“We want to be the toughest team at all times,” Sirianni said. “In stretches, we’ve been that in these past three years. We want to make sure that’s who we are.”

No official decision on Kelce’s successor

Sirianni did not formally name Cam Jurgens the team’s starting center for the 2024 season.

“I don’t have to make that decision … for a long, long time,” he said.

Indeed, the Eagles could still supply the roster with more interior linemen in the upcoming draft, free agency or the trade market. But Jurgens, a second-round pick in 2022, has been considered Jason Kelce’s heir apparent. Kelce himself has mentioned on his podcast, “New Heights,” that Jurgens will replace him this season.

It’s not unusual for a head coach to publicly resist awarding starting jobs for positional vacancies before practices even begin. Sirianni’s hesitation is also indicative of the uncertainty surrounding right guard. It’s still unclear who would replace Jurgens.

Sua Opeta, who started six games while Jurgens dealt with a foot injury, signed with the Tampa Bay Buccaneers during free agency.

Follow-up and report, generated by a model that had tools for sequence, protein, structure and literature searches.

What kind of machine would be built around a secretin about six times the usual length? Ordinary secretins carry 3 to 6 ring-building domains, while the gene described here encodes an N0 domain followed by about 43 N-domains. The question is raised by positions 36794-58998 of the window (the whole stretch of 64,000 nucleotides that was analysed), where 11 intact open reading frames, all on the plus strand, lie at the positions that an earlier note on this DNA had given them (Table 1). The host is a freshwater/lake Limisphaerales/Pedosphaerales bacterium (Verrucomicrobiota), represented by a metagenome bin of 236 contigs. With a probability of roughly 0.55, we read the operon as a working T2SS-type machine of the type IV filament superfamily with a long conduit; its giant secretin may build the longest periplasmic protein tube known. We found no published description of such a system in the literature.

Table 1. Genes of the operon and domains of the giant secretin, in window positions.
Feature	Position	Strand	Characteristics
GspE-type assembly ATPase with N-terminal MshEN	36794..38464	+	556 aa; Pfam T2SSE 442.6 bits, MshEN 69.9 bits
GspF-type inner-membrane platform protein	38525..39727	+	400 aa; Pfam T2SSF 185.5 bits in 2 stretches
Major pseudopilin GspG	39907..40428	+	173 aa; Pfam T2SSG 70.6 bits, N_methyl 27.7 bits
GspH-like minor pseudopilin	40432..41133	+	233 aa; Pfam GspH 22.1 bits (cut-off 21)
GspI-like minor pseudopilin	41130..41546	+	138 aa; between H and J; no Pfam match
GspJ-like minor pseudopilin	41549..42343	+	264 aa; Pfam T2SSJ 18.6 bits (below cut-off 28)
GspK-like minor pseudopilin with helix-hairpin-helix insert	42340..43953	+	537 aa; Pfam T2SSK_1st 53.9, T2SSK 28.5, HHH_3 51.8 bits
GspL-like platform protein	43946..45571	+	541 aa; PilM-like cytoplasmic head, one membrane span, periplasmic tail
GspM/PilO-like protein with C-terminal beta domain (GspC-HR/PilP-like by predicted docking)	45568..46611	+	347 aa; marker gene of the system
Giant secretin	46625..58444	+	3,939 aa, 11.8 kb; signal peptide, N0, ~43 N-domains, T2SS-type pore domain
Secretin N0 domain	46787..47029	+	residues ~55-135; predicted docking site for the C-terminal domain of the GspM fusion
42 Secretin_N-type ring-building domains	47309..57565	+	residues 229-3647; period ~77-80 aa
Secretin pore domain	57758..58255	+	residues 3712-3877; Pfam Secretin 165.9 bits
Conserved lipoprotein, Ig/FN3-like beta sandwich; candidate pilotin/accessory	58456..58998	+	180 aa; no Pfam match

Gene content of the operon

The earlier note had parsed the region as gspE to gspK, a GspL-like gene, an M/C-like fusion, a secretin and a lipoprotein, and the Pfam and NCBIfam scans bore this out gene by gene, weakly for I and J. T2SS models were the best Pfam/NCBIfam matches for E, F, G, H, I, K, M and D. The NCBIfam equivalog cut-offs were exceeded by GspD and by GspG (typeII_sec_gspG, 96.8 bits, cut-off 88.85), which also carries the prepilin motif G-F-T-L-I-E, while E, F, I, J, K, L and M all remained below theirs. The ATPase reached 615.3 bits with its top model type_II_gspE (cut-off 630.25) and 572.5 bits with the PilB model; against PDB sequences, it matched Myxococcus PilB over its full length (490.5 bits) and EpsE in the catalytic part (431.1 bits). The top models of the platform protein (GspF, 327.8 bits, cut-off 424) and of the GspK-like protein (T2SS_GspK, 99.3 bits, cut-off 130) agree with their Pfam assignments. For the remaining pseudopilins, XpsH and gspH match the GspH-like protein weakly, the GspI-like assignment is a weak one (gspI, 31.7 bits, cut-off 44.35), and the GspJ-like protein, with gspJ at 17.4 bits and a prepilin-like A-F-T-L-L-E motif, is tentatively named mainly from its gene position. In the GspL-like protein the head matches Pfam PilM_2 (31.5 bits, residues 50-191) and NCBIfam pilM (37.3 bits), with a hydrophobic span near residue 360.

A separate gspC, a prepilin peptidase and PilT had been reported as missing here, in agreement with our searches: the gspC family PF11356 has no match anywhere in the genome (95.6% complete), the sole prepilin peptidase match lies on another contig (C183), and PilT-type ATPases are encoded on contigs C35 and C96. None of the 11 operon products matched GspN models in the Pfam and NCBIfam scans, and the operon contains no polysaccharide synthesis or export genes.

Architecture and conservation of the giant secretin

Matt Hennessy, who signed a one-year deal with the Eagles, will be a consideration. But the 2020 third-round pick also logged the majority of his snaps at center (1,138) in three seasons with the Atlanta Falcons.

Sirianni called Tyler Steen, a third-round pick in 2023, a “great option” due to his versatility. Steen, who was primarily a left tackle at Alabama, made one start at right guard while Jurgens was dealing with his injury. Steen, Sirianni said, is a “really good player” with “a lot of different qualities,” and the Eagles are “excited about his development.”

“It’s a long way away from being a finished product at the offensive line because there’s so much time to add guys,” Sirianni said.

Sirianni on Huff and Pickett